WineInk: The Madrones |

WineInk: The Madrones

An early evening crowd gathers on the terrace in from of Stone & Embers at The Madrones.
Courtesy photo |


THE MADRONES-Guest Quarters

9000 Highway 128

Philo, CA 95466

707.895.2955" target="_blank">Sections-ATW-ATW_NeedToKnow_Body">

Rates from $180 mid-week

Two-night minimum stay required for most weekends


Drew Family Cellars

Tasting Room: 707-895-9599

Smith-Story Winery

Tasting Room: 707-494-5575

Bink Wines

Tasting Room: 707-895-2940

Stone & Embers


Perhaps the best part of wine travel is discovery. It could be a grape you have never tasted. Perhaps a vineyard that you see for the first time. Or, it could be an oasis in a region just a bit farther afield.

A recent wine-infused sojourn took me to the “next county,” Mendocino, the one that is both geographically and spiritually above and beyond Napa and Sonoma. While the region is fast becoming a “go-to” for wine lovers, it is still, happily, a bit funkier than its southern cousins. It is also home to one of those wine travel discoveries — an oasis of a place called The Madrones.


Just off Highway 128 in the Anderson Valley, cheek to jowl with Duckhorn’s Goldeneye Winery, lies a Spanish/Tuscan/Santa Fe/California-inspired compound called The Madrones. And yes, when you pass through the walls into the courtyard, it is easy to begin humming the song “Hotel California.”

The Madrones consists of nine stylish Guest Quarters, three excellent wine-tasting rooms pouring Anderson Valley wines, an incredible restaurant and a curio/antique shop that would be a find in, say, New York’s East Village.

The product of interior designer/builder/visionary Jim Roberts, the complex began life as a rural homestead and television repair shop. Sensing a hidden gem, Roberts rebuilt the compound as a base of operations to house his thriving design firm and a creative incubator for local business in the mid-2000s. He also built a home that lies cocooned inside the lush, exquisite English gardens that surround the property. Today, that home has been repurposed as a tasteful and luxurious guest quarters for travelers seeking a unique abode to host their Anderson Valley stay.

The Guest Quarters are named for the original rooms of the main house, such as “The Master” or “The Kitchen,” each of which showcases the building’s classic bones and details like vaulted ceilings and window seats. Luxurious linens and contemporary elements give it a sophisticated and comfortable vibe. Views of the gardens and a small pond imbue the feeling of staying at a California wine country manor.


Where offices once occupied the front of the compound, there are now tasting rooms for three small-lot family wineries. The newest addition, Smith-Story Wine Cellars, consists of host husband and wife, Eric Story and Allison Smith, and their Golden Doodle, Mr. Sandwich. Eric and Allison were buyers and promoters of other people’s wines before they decided to make the move to produce their own. They pour recent releases of their Mendocino and Sonoma County wines alongside a project they produce in the Rheingau region of Germany. They may be the only family-owned winery in the U.S. with a German 2015 Rosé of Pinot Noir.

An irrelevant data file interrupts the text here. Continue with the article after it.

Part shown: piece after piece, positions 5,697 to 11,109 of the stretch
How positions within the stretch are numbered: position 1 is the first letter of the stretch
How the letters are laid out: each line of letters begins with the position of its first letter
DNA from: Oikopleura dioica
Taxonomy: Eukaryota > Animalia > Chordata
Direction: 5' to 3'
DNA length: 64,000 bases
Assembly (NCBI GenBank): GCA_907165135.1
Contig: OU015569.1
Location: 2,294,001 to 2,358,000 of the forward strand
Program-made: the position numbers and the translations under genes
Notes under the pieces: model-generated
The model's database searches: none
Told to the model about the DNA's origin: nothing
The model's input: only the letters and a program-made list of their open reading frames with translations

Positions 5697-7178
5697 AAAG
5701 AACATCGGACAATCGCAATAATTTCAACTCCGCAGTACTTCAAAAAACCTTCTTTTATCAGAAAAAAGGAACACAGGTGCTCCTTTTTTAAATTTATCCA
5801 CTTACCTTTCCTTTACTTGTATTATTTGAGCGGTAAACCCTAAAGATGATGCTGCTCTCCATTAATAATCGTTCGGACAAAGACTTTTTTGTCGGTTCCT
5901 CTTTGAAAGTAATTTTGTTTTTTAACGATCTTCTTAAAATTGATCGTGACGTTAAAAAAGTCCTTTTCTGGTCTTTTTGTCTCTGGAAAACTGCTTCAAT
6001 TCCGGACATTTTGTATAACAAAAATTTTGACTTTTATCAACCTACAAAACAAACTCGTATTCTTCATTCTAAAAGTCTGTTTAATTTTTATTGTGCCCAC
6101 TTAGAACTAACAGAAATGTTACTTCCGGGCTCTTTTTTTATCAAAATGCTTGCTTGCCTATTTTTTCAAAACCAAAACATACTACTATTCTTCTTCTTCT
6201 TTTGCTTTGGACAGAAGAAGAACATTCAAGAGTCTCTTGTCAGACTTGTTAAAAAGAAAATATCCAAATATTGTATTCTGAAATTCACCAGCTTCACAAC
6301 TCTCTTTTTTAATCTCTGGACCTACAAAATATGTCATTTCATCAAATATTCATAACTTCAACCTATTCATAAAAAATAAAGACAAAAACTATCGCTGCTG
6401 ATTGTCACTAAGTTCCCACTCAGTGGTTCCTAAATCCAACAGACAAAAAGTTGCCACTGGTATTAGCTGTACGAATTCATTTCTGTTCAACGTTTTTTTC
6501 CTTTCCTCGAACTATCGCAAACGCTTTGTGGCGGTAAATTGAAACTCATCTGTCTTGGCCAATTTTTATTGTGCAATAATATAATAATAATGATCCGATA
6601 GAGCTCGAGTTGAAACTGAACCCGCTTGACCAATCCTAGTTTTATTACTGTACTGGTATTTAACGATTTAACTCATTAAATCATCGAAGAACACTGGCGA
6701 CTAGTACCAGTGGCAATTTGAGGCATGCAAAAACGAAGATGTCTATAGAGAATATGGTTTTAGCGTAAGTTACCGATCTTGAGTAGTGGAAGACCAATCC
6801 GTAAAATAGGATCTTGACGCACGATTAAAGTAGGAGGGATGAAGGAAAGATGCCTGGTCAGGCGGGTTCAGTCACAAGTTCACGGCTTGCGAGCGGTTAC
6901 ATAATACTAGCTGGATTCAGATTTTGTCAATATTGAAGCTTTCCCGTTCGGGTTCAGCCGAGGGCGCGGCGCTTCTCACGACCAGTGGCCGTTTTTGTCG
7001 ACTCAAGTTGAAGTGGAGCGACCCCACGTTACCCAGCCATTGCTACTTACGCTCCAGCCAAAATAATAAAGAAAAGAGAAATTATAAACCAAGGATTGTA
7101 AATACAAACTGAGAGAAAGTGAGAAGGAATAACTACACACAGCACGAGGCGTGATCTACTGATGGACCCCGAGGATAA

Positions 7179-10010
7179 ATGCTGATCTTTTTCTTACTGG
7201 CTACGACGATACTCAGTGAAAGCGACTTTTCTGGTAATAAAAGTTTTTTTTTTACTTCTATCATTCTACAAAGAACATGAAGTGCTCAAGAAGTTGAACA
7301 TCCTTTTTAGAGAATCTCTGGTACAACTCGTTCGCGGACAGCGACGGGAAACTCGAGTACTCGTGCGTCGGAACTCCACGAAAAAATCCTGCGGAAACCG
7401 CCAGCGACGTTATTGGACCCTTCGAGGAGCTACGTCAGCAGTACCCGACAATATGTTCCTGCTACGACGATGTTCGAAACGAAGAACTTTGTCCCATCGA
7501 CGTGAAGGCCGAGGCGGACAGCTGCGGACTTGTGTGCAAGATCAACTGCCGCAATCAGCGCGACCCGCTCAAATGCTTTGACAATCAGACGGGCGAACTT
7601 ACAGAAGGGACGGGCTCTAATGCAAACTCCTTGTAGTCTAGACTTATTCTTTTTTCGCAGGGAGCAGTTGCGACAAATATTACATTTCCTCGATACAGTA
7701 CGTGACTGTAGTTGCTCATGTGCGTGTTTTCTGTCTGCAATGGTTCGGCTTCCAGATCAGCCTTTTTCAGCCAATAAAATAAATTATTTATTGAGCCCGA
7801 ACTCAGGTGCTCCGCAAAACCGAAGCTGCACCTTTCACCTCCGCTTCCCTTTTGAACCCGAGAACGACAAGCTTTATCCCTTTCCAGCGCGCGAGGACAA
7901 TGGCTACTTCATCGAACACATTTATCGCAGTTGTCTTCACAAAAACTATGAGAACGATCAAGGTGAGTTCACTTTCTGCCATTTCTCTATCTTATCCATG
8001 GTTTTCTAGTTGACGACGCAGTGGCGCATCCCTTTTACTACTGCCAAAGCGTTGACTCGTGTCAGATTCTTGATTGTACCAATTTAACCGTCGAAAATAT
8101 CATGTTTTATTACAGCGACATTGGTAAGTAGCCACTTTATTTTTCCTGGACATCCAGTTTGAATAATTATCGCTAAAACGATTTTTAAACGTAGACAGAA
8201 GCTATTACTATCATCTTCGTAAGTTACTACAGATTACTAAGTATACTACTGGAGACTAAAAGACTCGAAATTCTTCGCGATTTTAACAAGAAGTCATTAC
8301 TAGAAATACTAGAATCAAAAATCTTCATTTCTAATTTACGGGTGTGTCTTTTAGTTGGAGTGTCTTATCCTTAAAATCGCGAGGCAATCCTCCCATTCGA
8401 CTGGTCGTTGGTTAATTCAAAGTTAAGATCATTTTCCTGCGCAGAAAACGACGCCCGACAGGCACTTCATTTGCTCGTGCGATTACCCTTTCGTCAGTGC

Across the courtyard is Bink Cellars. It is the creation of Deborah Schatzlein and Cindy Paulson, who have a passion for producing small lots of Mendocino County wines with concentration, intensity and flavor. While pinot noir dominates in the area, I particularly liked their merlot and syrah, both of which hail from their estate vineyard, Hawks Butt Vineyard, in the Yorkville Highlands AVA.

Drew Family Cellars rounds out the tasting rooms with a roster of serious — and seriously good — wines, many of which hail from the cool climate of their estate vineyard, a former apple orchard high up the Elk-Philo Road just three miles from the Pacific Ocean. Again family owned, by Jason and Molly Drew, these wines show a delicate and deft hand. The small lot, single-vineyard wines are a tribute to the fruit of the Anderson Valley.


The heart of The Madrones complex may well be the wood-burning pizza oven in the small gem of a restaurant that is literally a combination of, well, stone hearth and fire. A simple kitchen fronts the tiny room that feels more like a community hideaway than a fine restaurant, and puts out an amazing array of pizzas, salads and other inspired dishes, all made with impeccably fresh local ingredients grown in chef Partrick Meany’s farm down the road.

Meany came to the valley following time spent in the kitchens of San Francisco’s Gary Danko, and Bouchon in the Napa Valley, to pursue a passion for creative local cuisine. With partner and farmer Matt Barnes, they have created simplicity in each dish with a menos is mas ethic. The fresh Little Gem lettuce salads, the impossibly thin, crisp mushroom chicharonnes and the potato beignets all burst with flavor and yet are light and delicate.

Comfortable and classic. Just like The Madrones.

Kelly J. Hayes lives in the soon-to-be-designated appellation of Old Snowmass. He can be reached at

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